Southern California -- this just in

« Previous Post | L.A. NOW Home | Next Post »

Michael Jackson's death: Cardiac arrest explained

June 25, 2009 |  6:41 pm


A cardiac arrest is a disruption of the electrical signals that trigger heartbeats, causing the heart to beat erratically so that it does not pump blood effectively.

The treatment is to use a defibrillator to shock the heart back into a normal rhythm, but that must be done very quickly — within about four minutes.

“Without a defibrillator, you are going to die,” said Dr. Douglas Zipes of Indiana University, a former president of the American College of Cardiology.

“The problem and the tragedy is that it has to be witnessed for the patient to survive,” said Dr. Leslie Saxon, chief of the division of cardiovascular medicine at USC.

Most are not.

“Survival rates outside of hospitals are less than 2%,” Saxon said.

In the absence of a defibrillator, CPR can keep blood flowing to the heart and brain until paramedics can arrive with the device.

But “you have to get to people very quickly if you are going to save them,” said Dr. Steven Nissen, head  of cardiovascular medicine at the Cleveland Clinic. “If it happens at home instead of in a public place, most paramedics can’t get to you that fast.”

In young people, such as athletes, the most common causes of cardiac arrest are thickened heart muscles and other congenital problems. In older people, the causes are the same as for other coronary problems: hypertension, high cholesterol and smoking.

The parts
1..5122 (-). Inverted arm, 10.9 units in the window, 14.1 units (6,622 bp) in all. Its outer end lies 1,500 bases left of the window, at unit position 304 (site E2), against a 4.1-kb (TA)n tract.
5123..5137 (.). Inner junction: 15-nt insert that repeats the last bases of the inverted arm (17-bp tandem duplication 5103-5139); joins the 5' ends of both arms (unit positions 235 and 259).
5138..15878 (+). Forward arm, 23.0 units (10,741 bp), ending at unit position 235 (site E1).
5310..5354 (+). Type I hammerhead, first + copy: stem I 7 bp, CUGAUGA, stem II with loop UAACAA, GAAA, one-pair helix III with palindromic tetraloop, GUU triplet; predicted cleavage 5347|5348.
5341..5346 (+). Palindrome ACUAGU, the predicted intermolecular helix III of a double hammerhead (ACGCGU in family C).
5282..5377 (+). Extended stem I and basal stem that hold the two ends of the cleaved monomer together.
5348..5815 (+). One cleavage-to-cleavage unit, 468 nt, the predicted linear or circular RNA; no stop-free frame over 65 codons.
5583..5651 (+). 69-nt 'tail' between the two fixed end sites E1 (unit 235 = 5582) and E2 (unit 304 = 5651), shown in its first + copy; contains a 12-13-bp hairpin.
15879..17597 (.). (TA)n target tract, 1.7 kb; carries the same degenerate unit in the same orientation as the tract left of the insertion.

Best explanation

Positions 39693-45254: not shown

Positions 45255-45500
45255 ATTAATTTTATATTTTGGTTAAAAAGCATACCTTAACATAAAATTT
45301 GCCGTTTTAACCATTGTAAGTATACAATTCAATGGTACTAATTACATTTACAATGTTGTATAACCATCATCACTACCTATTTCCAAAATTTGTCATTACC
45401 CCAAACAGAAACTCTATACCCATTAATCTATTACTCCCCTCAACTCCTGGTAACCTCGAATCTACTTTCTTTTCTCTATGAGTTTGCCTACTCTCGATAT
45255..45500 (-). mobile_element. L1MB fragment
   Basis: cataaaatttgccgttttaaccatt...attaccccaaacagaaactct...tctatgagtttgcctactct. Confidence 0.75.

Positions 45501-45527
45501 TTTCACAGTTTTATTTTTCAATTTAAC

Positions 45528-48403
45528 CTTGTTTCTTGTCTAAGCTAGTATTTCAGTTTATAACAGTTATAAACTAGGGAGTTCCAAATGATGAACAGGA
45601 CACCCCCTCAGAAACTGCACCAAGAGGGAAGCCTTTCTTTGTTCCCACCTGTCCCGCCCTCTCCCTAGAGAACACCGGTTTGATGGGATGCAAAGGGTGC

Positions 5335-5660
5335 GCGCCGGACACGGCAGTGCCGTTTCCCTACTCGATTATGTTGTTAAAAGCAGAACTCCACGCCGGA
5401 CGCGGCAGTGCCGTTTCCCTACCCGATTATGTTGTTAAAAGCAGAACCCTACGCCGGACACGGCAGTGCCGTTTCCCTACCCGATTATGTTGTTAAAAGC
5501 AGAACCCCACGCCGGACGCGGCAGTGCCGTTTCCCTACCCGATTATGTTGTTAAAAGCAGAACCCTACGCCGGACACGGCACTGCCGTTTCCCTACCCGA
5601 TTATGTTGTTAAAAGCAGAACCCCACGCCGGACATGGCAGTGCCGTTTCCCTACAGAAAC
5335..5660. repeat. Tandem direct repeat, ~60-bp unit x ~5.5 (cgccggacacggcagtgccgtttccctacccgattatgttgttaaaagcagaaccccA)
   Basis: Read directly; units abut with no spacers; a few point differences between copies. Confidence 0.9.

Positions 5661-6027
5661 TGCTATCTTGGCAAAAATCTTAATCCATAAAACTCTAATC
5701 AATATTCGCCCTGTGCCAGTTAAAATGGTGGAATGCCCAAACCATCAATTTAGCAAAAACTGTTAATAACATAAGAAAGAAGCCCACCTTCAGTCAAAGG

The most common cause of cardiac arrest is a blockage of an artery — a heart attack. Less common causes include drug abuse and overdoses of some prescription medications. Jackson’s plastic surgeries almost certainly had nothing to do with his death.

With any surgery, the patient can have a clot that could lead to a cardiac arrest, “but that is usually something that occurs within a reasonably short period of time after a surgical procedure,” said Dr. Roberta Gartside, a plastic surgeon in Reston, Va., who is a vice president of the American Society of Plastic Surgeons.

“There aren’t any surgical procedures that have a long-term potential complication that a patient might have a cardiac arrest,” she said.

It is equally unlikely that his vitiligo is involved. Vitiligo, in which patches of the skin lose pigment, has an autoimmune component that could potentially trigger cardiac arrest, “but usually autoimmune problems manifest in another way,” Saxon said.

-- Thomas H. Maugh II and Karen Kaplan

Orock Orock holds a sign outside the UCLA Medical Center, where entertainer Michael Jackson was taken, in Los Angeles, Thursday, June 25, 2009.  (AP Photo/Matt Sayles)


Use The Times interactive map to see significant sites in the life and death of Michael Jackson, including Neverland Ranch and his boyhood home in Gary, Indiana.